Take a deep dive into any millennial’s Facebook profile, and you’ll come across photo albums with inspiring titles such as ‘Pretending To Be Freshers LOL’ or ‘Big Night at Ocean.’
Full of snaps taken on a digital camera, you’ll find at least 86 pictures all from the same night – with not a filter in sight.
But what really sets these albums apart is that they’re made up of group shots – friends drunkenly embracing one another, singing along to whatever 00s banger the DJ was playing.
While there are many reasons why these retro albums have fallen out of favour (hi, prospective employers), what isn’t clear is why we stopped taking pictures of each other.
Influencer or not, we’re all guilty of filling our grids with carefully taken photos of ourselves.
These days, we wouldn’t dream of going on holiday/a night out/to a wedding without getting a great solo shot, and videos with the hashtag #howtopose have hit 5.4 billion views on TikTok – yes, billion.
But could we be missing out on capturing memories with our loved ones?
Karin Peeters is a life and career coach and psychotherapist at Vitalis Coaching & Therapy. She thinks our obsession with single shots started from a good place.
She tells Metro.co.uk: ‘I imagine it started from a place of joy, like wanting to share our passion for our business, or to share our lovely adventures with friends.
‘But it seems that for many, the joy has been replaced by a mindless habit, an item on the to-do list, or even fear. The friendly girl-next-door compares herself with an influencer on a massive budget, and feels she’s got to live up to that way of life.’
Cara Dee, 36, is an influencer from Southsea. She thinks curating our feeds with solo images can be good for our self-esteem.
Cara told Metro.co.uk: ‘Creating portraits, whether that’s at home or whilst on holiday, where you feel beautiful can be a real confidence booster.
‘For me, taking stylised, glamorous photos of myself really helped me view my body in a different light.
‘For the first time, I felt confident in myself and enjoyed capturing a moment or an outfit in a fun way.’
Cara also believes influencers have inspired followers to go outside of their comfort zones.
She adds: ‘There’s definitely an increase of people being inspired by their favourite Instagram accounts and recreating what they see.
Taking stylised, glamorous photos of myself really helped me view my body in a different light.
‘I think it’s great that people feel less self-conscious now to pose in public and get the sort of photos they see in magazines – rather than awkward folded arms in front of the Eiffel Tower.’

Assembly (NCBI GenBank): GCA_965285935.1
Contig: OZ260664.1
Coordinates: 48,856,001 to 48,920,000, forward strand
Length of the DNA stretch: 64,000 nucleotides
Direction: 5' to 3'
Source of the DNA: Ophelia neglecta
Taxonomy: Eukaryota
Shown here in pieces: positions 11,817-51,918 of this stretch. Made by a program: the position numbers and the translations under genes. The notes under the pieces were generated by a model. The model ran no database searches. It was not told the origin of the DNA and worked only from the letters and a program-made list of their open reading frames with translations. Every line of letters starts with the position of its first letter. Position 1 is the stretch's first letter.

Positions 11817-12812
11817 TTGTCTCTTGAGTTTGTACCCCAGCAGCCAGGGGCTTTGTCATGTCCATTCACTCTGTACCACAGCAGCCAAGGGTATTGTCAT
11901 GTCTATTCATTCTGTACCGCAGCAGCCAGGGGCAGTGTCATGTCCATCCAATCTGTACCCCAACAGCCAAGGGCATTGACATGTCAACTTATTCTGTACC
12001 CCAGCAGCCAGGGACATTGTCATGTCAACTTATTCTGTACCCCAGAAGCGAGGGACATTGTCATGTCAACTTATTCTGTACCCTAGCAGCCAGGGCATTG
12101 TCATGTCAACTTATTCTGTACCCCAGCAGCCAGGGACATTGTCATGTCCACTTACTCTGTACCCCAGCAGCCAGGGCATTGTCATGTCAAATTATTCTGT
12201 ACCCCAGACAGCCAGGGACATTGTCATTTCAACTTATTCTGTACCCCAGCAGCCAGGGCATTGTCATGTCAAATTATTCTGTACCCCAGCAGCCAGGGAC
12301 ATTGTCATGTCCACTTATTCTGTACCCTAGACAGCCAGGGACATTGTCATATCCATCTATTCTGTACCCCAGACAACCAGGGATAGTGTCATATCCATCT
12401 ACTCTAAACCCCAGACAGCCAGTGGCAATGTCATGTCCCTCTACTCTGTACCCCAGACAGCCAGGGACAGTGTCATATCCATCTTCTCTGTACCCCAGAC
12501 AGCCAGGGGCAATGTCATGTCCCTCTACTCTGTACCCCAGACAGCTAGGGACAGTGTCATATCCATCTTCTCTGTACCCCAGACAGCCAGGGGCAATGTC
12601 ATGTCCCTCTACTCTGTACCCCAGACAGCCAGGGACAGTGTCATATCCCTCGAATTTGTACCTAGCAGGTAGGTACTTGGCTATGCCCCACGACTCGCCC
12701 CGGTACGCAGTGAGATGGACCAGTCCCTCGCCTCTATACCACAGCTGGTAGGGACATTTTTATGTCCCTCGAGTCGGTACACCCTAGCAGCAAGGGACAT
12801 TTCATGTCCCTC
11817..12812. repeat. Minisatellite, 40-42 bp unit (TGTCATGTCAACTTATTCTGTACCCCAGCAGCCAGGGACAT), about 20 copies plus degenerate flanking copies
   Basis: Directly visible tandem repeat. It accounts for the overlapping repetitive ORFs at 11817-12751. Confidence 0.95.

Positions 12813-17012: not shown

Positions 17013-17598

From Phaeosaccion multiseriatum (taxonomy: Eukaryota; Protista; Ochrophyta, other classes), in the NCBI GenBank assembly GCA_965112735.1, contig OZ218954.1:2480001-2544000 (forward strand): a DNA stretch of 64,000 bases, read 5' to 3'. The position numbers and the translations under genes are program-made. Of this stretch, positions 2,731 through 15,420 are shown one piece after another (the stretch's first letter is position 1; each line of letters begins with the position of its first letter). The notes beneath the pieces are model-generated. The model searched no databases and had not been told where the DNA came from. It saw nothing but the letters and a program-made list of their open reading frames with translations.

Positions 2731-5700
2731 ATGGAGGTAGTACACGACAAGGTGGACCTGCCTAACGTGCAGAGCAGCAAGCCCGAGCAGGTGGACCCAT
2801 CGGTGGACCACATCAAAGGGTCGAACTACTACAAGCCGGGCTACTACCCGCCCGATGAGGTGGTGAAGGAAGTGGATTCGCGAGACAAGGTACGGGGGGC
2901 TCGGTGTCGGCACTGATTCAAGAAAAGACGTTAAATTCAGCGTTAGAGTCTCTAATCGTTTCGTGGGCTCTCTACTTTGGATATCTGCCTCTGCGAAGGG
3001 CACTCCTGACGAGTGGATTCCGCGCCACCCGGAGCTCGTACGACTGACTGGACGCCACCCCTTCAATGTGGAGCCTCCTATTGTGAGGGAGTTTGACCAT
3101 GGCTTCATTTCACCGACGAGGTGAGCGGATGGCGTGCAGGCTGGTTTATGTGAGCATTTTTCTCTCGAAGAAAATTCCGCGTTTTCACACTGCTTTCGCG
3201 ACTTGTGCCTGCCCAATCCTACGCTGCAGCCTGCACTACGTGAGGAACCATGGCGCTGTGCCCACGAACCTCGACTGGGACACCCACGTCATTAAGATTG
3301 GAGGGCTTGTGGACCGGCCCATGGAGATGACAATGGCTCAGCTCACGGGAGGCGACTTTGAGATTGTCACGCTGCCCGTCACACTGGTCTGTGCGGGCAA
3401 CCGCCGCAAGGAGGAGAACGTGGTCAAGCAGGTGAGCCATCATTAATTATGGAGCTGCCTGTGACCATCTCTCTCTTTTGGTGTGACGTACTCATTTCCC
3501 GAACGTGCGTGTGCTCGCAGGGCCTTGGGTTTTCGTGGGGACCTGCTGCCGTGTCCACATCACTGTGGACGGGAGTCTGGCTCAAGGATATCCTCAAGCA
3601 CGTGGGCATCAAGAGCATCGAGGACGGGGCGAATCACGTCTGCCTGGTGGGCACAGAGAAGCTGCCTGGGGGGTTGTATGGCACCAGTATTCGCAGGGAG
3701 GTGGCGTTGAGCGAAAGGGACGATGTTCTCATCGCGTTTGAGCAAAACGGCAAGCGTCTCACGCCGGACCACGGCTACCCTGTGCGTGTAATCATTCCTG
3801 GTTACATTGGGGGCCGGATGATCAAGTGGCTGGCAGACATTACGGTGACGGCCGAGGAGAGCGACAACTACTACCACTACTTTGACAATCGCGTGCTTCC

But she also admits that people feel ‘a lot of pressure’ to present their grids in a certain way, adding: ‘I do miss the days when Instagram was just a photo of your dinner, and people didn’t get so stressed over how many likes they got.
‘Take photos of yourself looking beautiful for you, and not because it will get you more likes.’
Priscilla Humado, 31, is a fitness influencer from Surrey. She agrees that taking images of ourselves can make us feel good.
‘Taking photos of yourself can create a sense of self-identity – you can explore your creativity and uniqueness,’ she told Metro.co.uk.
‘When you have others within your pictures, the confidence might come from them, rather than yourself.’
But Priscilla also notes that solo images are important to her as an influencer – in a way that might not be for the average social media user, adding, ‘I want to become my own individual brand – not a joint brand with others – so my focus is on me, and my skill set.’
She also says that that are downsides to forgoing group shots. She says: ‘In the long run if you don’t check in with yourself, using social media like this can create arrogance and superficial behaviours where all you focus on is how you look externally, what others think of you, and you don’t focus on the importance of what is on the inside.’
It can create superficial behaviours where all you focus on is how you look.
So how can we ensure we’re using social media in a healthy way?
‘A good indicator that we’re taking social media a step too far is when we are solely focusing on how to best share the moment online, instead of actually being present,’ says Karin.
‘Our body is there, but our mind is with our social media feed.’
Karin says that when you start taking images of yourself, take time to think about what you’re doing.
She says ‘Notice what is really going on inside of you when you take selfies: are you trying many poses out of fear that none is quite good enough? Are you slightly anxious or restless while taking one photo after another, dismissing them all? Or are you jealous of how others seem to look so much better than you?
‘Once you have determined what you really feel, then decide what to do next. In this way you create the freedom to choose your behaviour mindfully. You might still decide to take that photo, but from a place of joy and self-worth. You might change the photo into something more natural or post it with different comments.
‘Or you might choose to simply put your phone in your bag and be fully present in the moment.’
Ultimately, we need to separate social media from our self worth.
She adds: ‘Define your worth on your qualities, like kindness, generosity, creativity or your sense of humor. These aspects of your personality are part of your inner world and do not depend on external validation, for example how good your photo looks on your feed.
‘When you can take photos for your social media from a place of joy, without worrying how others see you, then you’ll notice an inner peace.’
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